Ports Authority happy with consultation on wharf project
A community consultation on proposed improvements to Matautu wharf was well attended and successful, according to Samoa Ports Authority chief executive officer So’oalo Kuresa So’oalo.
Community organisations, village leadership and government ministries gathered yesterday, to learn about progress towards upgrading certain areas of the wharf, in a consultation lead by consulting and engineering firms Beca and OSM.
So’oalo said the project will ensure necessary improvements are made to the wharf, so that Samoa can develop and ultimately prosper.
“For Samoa to develop… unless we open up for overseas trade, that’s the only way for future development. By inviting ships to come, we create jobs.
“That’s what we are here to do. An empty port means no business,” he said.
The development project will upgrade the electricity and powering at the wharf – to enable up to 300 refrigerated containers (reefer containers) to be powered, as well as improve safety at the wharf.
Samoa will also see a container x-ray scanner for the first time, and the breakwater will be improved to ensure as years go by the wharf will be protected from the elements.
“This huge development project is way out of our capacity to finance. We are very fortunate to be assisted by ADB,” So’oalo explained.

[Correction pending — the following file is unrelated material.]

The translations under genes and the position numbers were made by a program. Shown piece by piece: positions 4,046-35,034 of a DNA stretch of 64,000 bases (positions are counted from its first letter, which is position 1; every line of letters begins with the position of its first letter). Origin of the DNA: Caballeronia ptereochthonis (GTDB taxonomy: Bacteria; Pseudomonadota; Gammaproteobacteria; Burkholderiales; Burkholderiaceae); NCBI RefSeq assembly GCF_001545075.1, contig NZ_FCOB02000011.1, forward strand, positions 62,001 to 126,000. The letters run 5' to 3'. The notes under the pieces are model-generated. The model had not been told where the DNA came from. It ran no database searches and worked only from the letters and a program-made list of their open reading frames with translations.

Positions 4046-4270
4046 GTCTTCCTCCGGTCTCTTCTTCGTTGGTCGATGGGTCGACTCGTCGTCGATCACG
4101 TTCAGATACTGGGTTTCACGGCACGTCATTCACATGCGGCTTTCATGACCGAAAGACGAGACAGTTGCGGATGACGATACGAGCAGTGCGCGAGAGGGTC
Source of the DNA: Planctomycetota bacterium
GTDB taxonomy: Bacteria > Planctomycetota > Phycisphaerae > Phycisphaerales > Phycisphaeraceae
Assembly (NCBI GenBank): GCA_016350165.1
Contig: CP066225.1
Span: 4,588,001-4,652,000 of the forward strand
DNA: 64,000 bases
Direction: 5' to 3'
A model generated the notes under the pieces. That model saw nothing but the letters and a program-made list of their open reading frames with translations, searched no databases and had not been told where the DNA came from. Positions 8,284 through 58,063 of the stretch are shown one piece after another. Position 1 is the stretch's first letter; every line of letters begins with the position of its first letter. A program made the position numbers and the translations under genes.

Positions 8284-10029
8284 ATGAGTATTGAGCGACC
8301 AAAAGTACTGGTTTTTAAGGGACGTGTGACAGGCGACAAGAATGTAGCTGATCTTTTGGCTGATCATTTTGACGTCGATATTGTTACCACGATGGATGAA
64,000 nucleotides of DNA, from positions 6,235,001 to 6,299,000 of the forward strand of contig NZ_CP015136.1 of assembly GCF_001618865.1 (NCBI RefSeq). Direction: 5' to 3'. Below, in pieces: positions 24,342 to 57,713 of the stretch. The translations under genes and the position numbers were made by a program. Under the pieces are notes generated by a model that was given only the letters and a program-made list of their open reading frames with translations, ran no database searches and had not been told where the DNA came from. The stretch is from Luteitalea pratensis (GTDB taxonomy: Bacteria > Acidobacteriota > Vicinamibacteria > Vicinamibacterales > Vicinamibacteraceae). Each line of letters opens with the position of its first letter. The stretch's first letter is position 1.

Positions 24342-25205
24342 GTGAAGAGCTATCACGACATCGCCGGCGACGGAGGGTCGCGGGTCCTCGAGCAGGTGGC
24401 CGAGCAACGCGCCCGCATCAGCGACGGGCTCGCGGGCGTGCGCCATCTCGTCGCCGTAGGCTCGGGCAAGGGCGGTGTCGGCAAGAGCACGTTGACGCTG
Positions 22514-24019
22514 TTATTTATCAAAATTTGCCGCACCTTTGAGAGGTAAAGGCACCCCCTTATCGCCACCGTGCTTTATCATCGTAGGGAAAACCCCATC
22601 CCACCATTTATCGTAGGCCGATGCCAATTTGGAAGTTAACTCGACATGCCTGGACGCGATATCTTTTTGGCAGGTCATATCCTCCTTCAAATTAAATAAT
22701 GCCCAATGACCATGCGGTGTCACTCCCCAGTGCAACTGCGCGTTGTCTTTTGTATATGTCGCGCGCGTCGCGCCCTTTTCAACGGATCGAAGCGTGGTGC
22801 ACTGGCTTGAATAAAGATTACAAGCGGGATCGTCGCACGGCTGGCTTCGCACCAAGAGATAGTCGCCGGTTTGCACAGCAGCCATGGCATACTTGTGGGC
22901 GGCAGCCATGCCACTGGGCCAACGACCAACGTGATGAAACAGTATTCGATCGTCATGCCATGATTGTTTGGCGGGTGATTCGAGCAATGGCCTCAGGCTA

The Asian Development Bank has proposed to spend US$1 million from its technical assistance special fund, and US$ 56.26 million in grants towards the refurbishments.
The work at Matautu wharf comes from the results of study by the ADB in 2015, where it looked at the future of the port, the weather and swell around it and an asset management plan.
According to the ADB, the “single most important issue” is the wave swell, entering Apia Harbour from the north, cutting at least 20 good berthing days a year and affecting trade.
The project, which is formally called the Samoa Port Development Project, proposes to improve the breakwater to alleviate this, and also deepen the basin, reconfigure the port precinct for efficiency, and ensure an x-ray scanner can be installed.
So’oalo said by the end of the project, Samoa’s port will be readier to handle all incoming vessels, especially thanks to improved electricity.
“One of our biggest hurdles that we deal with is that we need to provide electricity for reefer plugging facilities, with the increase of the number of fishing vessels offloading here,” he said.
“Now, we have over 120 places but we can increase to almost 300.”
While he was pleased with the outcomes of the consultation, So’oalo said concerns are a normal part of large development projects, and he welcomes the feedback.
Some people present expressed their concerns about the environmental impact of the construction and the risks of the project.
“For those that are in doubt, I want to assure them, for all the environmental issues, we have systems in place to address all those, and all the affected communities.
“If we meet face to face, I am willing to talk to anyone who is concerned.”
So’oalo also wanted to remind the community that the works are not particularly large, but rather necessary improvements on the wharf.
“People think we’re doing a huge extension, we’re not. We’re improving our services.”